Magic Johnson Reflects On His HIV Diagnosis And Thoughts About Suicide In His New Apple + Docuseries

Apple TV + premiered yesterday a four-part docuseries titled They Call me Magic about basketball legend Earvin “Magic” Johnson that details his life, NBA career, and his HIV diagnosis, according to CNN.

Johnson brought the fight against HIV and AIDS to the mainstream sports world when he announced in 1991 at his famous press conference that he had contracted the disease and would retire from playing basketball, Insider reports.

When Johnson discovered he contracted HIV during his preseason physical with the Los Angeles Lakers, during that time, he experienced suicide ideation. Johnson had a heart-to-heart conversation on a beach with his agent at the time Lon Rosen.

“I was telling him, if anything happens, you make sure you take care of my family,” said the basketball star.
Rosen recalls their discussion and that Magic decided, “I guess I gotta stop playing basketball.”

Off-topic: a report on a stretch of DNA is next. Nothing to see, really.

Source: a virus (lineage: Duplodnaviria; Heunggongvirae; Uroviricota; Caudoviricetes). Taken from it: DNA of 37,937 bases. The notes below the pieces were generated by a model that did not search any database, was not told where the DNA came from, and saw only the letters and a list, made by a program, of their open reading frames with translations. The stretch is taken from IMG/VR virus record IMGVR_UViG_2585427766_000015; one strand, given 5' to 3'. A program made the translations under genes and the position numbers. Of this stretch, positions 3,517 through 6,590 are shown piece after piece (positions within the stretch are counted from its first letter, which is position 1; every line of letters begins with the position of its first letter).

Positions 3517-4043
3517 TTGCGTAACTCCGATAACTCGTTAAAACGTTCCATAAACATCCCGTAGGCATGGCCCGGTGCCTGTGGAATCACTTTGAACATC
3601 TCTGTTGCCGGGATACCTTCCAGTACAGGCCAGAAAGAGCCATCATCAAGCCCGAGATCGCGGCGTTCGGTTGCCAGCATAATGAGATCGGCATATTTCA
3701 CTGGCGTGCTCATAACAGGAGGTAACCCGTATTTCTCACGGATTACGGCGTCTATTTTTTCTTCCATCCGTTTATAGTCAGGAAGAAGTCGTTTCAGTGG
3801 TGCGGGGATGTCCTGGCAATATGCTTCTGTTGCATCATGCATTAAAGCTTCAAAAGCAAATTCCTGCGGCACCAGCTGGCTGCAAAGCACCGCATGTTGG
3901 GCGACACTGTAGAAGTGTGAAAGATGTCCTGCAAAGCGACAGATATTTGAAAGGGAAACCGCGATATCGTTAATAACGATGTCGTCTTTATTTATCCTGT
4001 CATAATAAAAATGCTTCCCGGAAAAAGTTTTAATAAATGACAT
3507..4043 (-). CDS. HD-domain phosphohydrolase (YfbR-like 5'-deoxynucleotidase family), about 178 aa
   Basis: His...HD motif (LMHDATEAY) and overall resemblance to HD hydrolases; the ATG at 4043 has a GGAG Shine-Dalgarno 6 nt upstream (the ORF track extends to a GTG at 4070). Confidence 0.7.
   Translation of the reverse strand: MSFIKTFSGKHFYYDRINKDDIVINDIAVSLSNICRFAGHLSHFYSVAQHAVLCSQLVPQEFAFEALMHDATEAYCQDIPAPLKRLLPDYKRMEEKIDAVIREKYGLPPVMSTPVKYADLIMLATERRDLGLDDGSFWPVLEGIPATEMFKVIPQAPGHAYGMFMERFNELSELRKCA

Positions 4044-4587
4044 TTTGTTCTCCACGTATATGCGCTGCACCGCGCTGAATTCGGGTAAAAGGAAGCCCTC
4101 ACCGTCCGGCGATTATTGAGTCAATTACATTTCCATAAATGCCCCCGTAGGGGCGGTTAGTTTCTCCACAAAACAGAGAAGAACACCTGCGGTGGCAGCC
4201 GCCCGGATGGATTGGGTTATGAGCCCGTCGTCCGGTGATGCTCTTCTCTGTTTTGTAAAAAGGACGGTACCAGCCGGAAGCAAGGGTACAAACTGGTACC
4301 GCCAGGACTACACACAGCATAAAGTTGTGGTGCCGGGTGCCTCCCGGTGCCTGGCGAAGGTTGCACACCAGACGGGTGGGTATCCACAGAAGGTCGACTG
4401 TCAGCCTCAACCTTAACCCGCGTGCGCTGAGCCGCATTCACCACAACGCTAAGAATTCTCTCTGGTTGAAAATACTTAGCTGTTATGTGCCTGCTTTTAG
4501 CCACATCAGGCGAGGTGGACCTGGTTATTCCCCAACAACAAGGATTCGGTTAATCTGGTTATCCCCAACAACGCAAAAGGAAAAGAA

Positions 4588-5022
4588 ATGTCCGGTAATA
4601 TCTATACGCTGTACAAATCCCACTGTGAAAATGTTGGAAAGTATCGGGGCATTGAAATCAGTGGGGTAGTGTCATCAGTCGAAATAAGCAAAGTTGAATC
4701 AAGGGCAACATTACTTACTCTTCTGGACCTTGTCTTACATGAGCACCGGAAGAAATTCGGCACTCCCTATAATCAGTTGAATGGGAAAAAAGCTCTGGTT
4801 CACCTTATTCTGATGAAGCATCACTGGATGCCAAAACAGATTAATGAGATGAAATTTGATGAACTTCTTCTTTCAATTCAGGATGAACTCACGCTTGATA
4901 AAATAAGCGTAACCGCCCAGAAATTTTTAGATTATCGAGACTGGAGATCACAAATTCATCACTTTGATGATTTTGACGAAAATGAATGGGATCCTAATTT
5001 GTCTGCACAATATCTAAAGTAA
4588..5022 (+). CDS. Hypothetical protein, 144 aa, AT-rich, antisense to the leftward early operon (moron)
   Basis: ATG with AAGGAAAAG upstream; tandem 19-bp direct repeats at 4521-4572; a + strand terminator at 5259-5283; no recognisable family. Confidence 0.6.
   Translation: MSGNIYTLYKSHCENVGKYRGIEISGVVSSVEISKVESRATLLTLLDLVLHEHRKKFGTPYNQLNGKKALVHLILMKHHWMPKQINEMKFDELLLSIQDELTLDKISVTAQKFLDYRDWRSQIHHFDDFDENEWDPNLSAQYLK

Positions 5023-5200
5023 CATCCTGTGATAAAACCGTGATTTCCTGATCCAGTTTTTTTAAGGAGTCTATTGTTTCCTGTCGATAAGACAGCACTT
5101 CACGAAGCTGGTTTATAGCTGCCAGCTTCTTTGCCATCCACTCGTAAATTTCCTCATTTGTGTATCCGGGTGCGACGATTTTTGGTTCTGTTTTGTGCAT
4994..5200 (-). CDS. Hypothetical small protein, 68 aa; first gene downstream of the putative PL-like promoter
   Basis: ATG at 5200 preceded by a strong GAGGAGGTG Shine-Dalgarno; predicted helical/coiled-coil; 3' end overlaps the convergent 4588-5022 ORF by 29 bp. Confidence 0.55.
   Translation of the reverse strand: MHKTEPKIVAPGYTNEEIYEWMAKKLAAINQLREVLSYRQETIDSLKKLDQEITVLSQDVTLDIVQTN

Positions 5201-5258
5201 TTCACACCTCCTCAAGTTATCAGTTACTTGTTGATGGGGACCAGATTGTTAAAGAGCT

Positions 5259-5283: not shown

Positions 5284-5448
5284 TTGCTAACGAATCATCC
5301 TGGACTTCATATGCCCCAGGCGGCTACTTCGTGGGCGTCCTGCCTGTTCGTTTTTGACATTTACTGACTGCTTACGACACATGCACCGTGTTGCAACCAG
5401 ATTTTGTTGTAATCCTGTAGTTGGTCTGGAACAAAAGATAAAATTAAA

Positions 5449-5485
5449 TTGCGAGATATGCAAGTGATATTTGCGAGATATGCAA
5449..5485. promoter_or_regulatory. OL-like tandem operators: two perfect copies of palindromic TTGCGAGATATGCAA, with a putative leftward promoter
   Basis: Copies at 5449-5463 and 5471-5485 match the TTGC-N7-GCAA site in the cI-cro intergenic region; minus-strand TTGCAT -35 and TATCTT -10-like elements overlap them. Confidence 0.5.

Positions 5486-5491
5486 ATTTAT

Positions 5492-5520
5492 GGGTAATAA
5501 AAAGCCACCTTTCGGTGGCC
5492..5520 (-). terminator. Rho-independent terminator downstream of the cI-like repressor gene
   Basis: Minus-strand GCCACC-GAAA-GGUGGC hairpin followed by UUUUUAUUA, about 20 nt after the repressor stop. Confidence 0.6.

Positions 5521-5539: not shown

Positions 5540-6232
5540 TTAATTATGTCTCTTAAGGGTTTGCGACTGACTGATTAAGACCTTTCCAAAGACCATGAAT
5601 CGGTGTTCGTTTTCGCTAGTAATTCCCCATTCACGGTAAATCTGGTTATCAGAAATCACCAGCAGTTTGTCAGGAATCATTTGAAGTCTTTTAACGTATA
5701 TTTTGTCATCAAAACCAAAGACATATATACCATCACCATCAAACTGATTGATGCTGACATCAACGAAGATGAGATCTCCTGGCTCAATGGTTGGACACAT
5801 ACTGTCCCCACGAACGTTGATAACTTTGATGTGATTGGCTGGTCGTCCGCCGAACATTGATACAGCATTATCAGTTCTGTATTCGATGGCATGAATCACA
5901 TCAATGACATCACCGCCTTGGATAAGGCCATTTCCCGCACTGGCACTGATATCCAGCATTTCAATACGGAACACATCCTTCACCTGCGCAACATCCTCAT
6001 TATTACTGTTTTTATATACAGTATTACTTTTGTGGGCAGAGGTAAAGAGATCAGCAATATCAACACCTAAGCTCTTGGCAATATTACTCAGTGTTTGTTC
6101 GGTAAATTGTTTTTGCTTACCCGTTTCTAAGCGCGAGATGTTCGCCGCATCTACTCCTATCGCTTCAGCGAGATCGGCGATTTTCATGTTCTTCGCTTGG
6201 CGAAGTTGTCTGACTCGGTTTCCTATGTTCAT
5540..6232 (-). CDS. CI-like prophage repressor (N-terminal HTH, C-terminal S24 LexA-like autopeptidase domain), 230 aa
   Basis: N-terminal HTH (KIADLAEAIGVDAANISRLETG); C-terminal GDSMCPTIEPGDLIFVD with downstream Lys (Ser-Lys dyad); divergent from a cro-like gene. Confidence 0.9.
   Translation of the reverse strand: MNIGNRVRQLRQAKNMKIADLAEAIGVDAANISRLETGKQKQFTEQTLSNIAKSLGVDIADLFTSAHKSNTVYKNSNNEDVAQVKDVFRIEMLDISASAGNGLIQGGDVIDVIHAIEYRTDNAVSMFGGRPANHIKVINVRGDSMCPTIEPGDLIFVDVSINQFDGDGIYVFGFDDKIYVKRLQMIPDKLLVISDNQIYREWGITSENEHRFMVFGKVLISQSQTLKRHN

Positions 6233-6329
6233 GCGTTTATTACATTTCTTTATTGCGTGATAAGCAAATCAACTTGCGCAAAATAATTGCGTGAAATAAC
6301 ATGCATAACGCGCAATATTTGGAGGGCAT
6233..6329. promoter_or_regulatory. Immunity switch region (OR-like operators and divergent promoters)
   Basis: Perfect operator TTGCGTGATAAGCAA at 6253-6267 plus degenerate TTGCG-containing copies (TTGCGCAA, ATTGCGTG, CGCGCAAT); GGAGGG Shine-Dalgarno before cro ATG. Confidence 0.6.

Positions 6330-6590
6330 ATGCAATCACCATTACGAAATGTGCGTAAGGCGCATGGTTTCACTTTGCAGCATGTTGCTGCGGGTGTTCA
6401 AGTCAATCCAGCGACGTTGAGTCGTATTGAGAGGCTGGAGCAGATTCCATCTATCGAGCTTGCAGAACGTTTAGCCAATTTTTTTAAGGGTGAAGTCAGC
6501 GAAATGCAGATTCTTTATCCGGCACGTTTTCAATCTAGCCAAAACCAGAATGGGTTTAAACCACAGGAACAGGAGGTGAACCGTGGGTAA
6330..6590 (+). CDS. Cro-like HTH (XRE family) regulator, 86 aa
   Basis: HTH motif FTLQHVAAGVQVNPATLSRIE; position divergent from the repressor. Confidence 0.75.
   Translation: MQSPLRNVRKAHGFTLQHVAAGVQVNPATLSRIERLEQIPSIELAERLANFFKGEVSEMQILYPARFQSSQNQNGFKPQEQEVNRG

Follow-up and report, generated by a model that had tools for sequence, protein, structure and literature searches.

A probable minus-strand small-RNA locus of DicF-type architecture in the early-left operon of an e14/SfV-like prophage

“At one point, [Magic] said, ‘I don’t know if I want to live, I might just end it, I might just …'” Rosen said as he trailed off in one episode.

Rosen recalls speaking to AIDS researcher Dr. David Ho about the progression of Johnson’s illness. Ho told him that Johnson’s health was deteriorating; he had a T-cell count of 203.

“At that point, you’re on what’s called ‘the line,'” said Rosen. “At 200, you’re at AIDS … He talked about life expectancy of two, three years at the most.”

Ho was apprehensive that Johnson would avoid further infections in the next five years.

“I thought I was facing death,” said Johnson. “I didn’t sleep. I was just thinking about, Is this the last time [Cookie] is going to be in my arms?”

For a long time, the sexually transmitted infection was stigmatized as a terminal “gay disease,” according to the Insider.

“We all thought it was a death sentence,” said coach Pat Riley. Johnson’s other teammates were stunned when they heard the devastating news, CNN reports.

“We just sat there, numb,” recalls James Worthy, Johnson’s Laker teammate.

However, like his adopted moniker, Johnson magically prolonged a three-year life expectancy prognosis into living 31 more years and counting.

Watch They Call Me Magic, which is now available on Apple TV+.